While much of the Cape economy is in the crapper due to coronavirus-related shutdowns and restrictions, porta-potty companies are flush.
That’s because in a summer when Covid-19 has heightened fears about health and sanitation, portable toilets are replacing permanent facilities at many beaches and public areas.
Even if the stand-alone versions have never felt especially inviting, they are easier to clean, according to town authorities and companies who provide the potties.
Gil Ricci, site services manager at Nauset Disposal, which provides portable restroom rentals and services Cape-wide, said their plastic interiors and self-contained configurations make that so.
The cleaning consists of scrubbing with a chemical solution, heated pressure-washing, and now spraying with the medical grade disinfectant BioTab 7, “known to kill, amongst other things, coronavirus,” Ricci said. The disinfectant mist dries almost immediately, he said.
Wellfleet is among the towns renting additional portable restrooms, according to Town Administrator Dan Hoort. The one-at-a-time setup of the portable versions should help people with social distancing, Hoort wrote in an email to the Independent. To clean them, he added, one can “hose it down.”
Companies that provide portable restrooms have the equipment to sanitize them, whereas cleaning permanent restrooms would require more staff hours from beach and recreation employees under Centers for Disease Control guidelines. That’s why the National Seashore won’t open all its restrooms this summer.
Meeting the pandemic-era cleaning requirements imposed by the CDC will come at a cost. But much of that will likely be met through the CARES Act, according to town officials.
Although Hoort won’t have official costs until bids for the portable restroom contract have been opened, he wrote that last year Wellfleet’s contract was for $42,519 and that he expected bids this year could be “five to eight times that amount.”
Provincetown is also adding portable restrooms for the summer, at a cost of $10,051, plus hand-washing stations costing $23,280, according to Leslie Sandberg of Rose, Sandberg & Associates, a media consulting firm hired by Town Manager Robin Craver to speak for town officials on matters related to Covid-19.
If that sum seems relatively small, that’s because, while there is access to the water from Commercial Street and around the pier, most of Provincetown’s beaches are in the National Seashore, Sandberg said, so there are fewer public bathrooms operated by the town.
Truro won’t be getting more portable restrooms but will increase the cleaning of those they already use, along with adding hand-washing stations, according to Beach Director Damion Clements. The cost will be $97,310.45.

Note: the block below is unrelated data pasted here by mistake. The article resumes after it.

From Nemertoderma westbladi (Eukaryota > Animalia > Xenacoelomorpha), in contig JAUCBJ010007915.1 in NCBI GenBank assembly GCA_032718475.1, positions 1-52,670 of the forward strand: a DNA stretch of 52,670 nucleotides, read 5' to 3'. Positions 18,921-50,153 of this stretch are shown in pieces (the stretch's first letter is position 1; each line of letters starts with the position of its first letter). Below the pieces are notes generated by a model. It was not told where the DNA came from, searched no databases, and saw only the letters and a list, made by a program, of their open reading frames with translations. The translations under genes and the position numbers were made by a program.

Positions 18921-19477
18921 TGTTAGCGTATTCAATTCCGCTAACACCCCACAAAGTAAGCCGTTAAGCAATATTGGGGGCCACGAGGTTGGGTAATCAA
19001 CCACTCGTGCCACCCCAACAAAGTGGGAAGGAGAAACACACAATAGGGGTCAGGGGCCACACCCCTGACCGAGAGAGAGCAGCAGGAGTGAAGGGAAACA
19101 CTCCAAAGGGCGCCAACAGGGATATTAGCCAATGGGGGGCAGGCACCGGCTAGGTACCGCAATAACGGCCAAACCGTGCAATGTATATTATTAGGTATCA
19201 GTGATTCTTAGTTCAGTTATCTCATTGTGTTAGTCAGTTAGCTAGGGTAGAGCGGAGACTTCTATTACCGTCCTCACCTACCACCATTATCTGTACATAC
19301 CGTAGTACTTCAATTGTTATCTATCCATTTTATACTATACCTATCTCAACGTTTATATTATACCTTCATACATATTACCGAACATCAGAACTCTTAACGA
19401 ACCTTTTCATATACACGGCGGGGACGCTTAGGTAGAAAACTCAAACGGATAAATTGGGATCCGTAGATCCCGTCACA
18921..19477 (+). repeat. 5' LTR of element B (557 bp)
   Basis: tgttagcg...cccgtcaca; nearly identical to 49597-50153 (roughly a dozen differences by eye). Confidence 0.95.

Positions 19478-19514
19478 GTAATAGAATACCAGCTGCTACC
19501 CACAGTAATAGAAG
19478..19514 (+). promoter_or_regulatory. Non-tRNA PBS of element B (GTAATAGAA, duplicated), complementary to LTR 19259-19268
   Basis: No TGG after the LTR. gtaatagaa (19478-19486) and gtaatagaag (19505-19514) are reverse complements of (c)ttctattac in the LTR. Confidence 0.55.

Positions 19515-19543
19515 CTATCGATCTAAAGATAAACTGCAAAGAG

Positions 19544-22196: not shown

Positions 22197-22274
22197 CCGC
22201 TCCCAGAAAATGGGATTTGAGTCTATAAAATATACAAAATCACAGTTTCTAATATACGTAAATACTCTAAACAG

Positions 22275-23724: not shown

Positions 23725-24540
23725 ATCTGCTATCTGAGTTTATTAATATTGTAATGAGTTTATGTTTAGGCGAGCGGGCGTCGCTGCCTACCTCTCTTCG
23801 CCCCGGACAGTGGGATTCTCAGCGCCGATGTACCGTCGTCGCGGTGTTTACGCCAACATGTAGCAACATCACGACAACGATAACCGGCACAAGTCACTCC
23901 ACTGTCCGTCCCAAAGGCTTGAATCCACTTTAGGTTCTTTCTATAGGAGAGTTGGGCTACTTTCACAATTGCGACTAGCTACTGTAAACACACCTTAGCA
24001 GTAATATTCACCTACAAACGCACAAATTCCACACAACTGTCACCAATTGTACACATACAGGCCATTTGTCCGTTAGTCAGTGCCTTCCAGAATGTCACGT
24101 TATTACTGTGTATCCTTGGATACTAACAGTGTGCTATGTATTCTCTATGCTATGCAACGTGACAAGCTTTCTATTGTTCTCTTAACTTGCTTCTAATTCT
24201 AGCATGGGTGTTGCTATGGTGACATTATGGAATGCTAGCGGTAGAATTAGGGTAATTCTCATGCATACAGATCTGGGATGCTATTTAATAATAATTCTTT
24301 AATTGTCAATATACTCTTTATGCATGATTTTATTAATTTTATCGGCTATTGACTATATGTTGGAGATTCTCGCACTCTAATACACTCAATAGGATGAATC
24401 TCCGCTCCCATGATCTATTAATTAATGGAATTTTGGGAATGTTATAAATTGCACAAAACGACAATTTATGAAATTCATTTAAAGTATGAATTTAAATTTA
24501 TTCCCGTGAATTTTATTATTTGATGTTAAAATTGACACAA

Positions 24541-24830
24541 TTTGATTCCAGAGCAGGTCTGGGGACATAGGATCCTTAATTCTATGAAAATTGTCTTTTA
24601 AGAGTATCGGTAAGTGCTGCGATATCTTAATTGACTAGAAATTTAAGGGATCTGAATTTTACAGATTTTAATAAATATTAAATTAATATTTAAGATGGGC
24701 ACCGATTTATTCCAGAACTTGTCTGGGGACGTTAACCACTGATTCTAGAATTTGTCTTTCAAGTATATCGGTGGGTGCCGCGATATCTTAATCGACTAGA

Eastham, which manages fewer public beaches than other Outer Cape towns, is keeping permanent restrooms open and providing portable restrooms in other areas. To keep visitors safe, plexiglass has been installed between sinks in bathrooms, according to Town Administrator Jacqui Beebe. In addition to daily cleanings, portable and permanent restrooms will get a weekly “sanitizing, using a fogger.” The additional cleaning will cost about $78,000.
Initially, the National Seashore closed most of its restrooms, opting for portable units at six beaches and two visitor centers, according to Chief of Facilities and Maintenance Karst Hoogeboom.
Since the Seashore already owns the potties, the only additional costs are pumping and cleaning, at $2,400 a week.
By July 2, the Seashore will move into a “more comprehensive bathroom experience” by opening three-quarters of their permanent restrooms for the holiday weekend, Hoogeboom said.
The boom in toilet rentals, increased need for cleaning, and jump in spending around the Cape have helped companies like Nauset Disposal recover some of the losses they faced as the pandemic struck the local economy.
The portable bathroom contracts “softened the blow,” said Tim DeLude, Nauset Disposal’s operations manager.
The company would normally be busy now providing portable restrooms for weddings, soccer tournaments, and holiday events, all of which have been postponed or canceled.
“We were holding on for dear life for a few months,” said DeLude.
The nature of its services gave the company a leg up on sanitation, according to Gil Ricci. “We’ve always had a heightened level of safety,” he said. Handles on pressure washers and brushes are long, as are the extension tubes for the pumps. Workers also wear face shields to protect against “splash ups.”
DeLude said he is grateful that his company has been able to keep providing its services and keep employees working through it all.
Adaptability has been key to staying afloat, DeLude said, “but I think you are seeing that across every business right now.”
The company has started a new service for businesses: hand sanitizer stations. Ricci confirmed rumors of hand sanitizer being stolen from the portable toilets’ dispensers, but said now that sanitizer shortages have lessened, the problem has faded.
And for summer visitors traveling to the Outer Cape, staff at the Route 6 rest stop told the Independent their bathrooms are open, should you need to make a pit stop on the way.